Ben Franklin was an Author
When he was 17 years old, Ben Franklin went to New York City then to Philadelphia, Pennsylvania, to find work as a printer. The next year he traveled to London and worked as a printer there, too. While in London, he hung out in coffee shops, wrote a great deal, studied intensely and published his first pamphlet. He continued writing, especially opinion articles, essays and pamphlets regarding social and political issues, throughout his whole life. He became very influential because of his writing.

At age 26, Ben Franklin wrote under the pseudonym Richard Saunders, and produced the annual book Poor Richard’s Almanack. It was filled with weather predictions, advice about when to plant crops and harvest them, plus wise sayings. These sayings are remembered today. Probably the most famous one is, “Early to bed, early to rise, makes a man healthy, wealthy and wise.”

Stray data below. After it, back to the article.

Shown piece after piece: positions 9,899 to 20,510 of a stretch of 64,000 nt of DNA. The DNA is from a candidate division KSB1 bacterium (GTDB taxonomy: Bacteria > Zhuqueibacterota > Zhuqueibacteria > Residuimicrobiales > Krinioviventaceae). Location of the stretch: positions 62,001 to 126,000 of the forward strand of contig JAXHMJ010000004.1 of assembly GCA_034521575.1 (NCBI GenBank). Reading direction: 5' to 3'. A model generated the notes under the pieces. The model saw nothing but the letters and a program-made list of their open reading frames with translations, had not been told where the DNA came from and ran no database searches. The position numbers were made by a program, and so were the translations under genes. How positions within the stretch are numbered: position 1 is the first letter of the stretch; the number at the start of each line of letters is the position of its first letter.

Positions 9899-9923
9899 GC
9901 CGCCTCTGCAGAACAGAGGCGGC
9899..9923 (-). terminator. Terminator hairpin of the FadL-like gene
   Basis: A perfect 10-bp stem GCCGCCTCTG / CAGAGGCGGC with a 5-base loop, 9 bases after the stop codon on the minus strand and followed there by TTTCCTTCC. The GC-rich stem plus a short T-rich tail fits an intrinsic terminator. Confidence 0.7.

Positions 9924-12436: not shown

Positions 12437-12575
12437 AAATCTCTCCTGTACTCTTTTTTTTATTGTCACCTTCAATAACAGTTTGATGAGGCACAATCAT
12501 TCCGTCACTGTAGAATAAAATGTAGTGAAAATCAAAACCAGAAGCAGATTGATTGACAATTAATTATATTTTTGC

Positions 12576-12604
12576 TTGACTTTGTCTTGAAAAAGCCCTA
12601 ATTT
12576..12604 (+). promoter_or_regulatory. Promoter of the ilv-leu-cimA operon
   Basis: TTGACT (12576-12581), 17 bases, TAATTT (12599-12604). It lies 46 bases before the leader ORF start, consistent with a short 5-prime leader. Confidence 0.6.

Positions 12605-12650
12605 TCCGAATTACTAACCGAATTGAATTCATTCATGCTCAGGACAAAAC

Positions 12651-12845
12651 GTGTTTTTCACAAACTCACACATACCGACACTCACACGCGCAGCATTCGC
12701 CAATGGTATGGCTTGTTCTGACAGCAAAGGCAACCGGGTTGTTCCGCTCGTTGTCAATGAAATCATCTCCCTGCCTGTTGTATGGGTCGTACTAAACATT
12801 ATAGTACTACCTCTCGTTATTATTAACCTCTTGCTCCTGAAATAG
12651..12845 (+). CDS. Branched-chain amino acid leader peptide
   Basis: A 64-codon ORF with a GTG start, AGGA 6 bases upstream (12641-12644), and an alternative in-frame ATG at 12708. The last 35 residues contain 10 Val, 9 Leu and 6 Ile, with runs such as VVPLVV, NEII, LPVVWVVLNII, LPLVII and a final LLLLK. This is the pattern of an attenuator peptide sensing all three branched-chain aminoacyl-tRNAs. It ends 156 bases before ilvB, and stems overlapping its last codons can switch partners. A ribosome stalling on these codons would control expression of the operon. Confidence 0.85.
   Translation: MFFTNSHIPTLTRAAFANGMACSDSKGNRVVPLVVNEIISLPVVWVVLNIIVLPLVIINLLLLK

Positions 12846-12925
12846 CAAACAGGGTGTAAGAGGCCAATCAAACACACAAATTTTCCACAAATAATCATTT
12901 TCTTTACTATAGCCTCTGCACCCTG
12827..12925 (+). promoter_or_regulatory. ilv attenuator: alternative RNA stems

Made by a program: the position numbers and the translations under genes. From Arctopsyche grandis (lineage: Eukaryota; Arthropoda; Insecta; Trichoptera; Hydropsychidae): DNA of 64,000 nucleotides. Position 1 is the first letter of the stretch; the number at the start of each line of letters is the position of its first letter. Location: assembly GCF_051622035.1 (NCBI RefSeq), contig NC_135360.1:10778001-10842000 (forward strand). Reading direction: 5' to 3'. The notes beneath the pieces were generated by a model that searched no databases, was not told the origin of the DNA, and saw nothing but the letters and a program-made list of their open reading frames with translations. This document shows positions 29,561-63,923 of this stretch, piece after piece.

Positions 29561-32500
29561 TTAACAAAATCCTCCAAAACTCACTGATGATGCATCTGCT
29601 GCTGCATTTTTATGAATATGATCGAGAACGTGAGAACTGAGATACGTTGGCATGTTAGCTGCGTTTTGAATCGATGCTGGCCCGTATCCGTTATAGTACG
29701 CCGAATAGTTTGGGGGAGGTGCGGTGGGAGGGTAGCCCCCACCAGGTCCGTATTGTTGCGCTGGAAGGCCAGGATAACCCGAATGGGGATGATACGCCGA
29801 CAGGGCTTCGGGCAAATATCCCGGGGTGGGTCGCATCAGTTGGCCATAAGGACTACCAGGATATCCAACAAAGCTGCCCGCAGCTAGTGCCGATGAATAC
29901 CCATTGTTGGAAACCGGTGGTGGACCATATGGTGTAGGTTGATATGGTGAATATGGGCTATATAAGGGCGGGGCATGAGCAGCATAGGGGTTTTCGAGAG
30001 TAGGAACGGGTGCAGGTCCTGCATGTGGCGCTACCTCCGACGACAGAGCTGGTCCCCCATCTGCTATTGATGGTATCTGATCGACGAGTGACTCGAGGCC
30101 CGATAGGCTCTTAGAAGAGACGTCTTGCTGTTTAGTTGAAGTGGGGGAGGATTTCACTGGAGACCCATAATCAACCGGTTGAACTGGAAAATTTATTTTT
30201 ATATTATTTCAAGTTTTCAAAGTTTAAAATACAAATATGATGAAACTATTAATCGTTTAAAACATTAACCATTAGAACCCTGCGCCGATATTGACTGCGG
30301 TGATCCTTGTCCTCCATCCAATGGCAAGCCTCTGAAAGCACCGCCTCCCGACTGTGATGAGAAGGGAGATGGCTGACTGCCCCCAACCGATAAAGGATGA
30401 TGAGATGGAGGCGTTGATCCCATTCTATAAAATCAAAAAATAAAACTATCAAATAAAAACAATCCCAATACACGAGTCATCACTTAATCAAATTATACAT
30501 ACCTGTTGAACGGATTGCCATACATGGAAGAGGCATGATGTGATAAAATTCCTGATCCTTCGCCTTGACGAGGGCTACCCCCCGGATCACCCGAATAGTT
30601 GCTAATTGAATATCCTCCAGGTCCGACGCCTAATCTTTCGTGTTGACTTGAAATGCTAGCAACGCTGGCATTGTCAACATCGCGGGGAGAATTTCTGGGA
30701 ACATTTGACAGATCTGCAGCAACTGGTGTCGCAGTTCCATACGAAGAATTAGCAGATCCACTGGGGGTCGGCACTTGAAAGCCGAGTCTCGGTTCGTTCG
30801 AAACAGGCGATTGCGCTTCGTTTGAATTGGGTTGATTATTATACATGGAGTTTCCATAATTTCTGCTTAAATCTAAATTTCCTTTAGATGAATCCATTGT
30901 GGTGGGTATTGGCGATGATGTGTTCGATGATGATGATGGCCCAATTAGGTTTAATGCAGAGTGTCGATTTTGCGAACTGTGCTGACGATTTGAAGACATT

Another significant publication of Franklin’s was “The Plain Truth” pamphlet, containing the first political cartoon published in America, which he also drew.

Ben Franklin was an Inventor
Among his many inventions are bifocal glasses and the Franklin stove, a wood-burning stove that made heating houses safer and more efficient. He also invented the lightning rod to protect buildings from lightning strikes. Other inventions include hand paddles for swimming and a musical instrument called an armonica. Franklin never patented any of his inventions because he believed his inventions should be shared freely to benefit everyone.

Ben Franklin was a Politician, Diplomat, Ambassador and Founding Father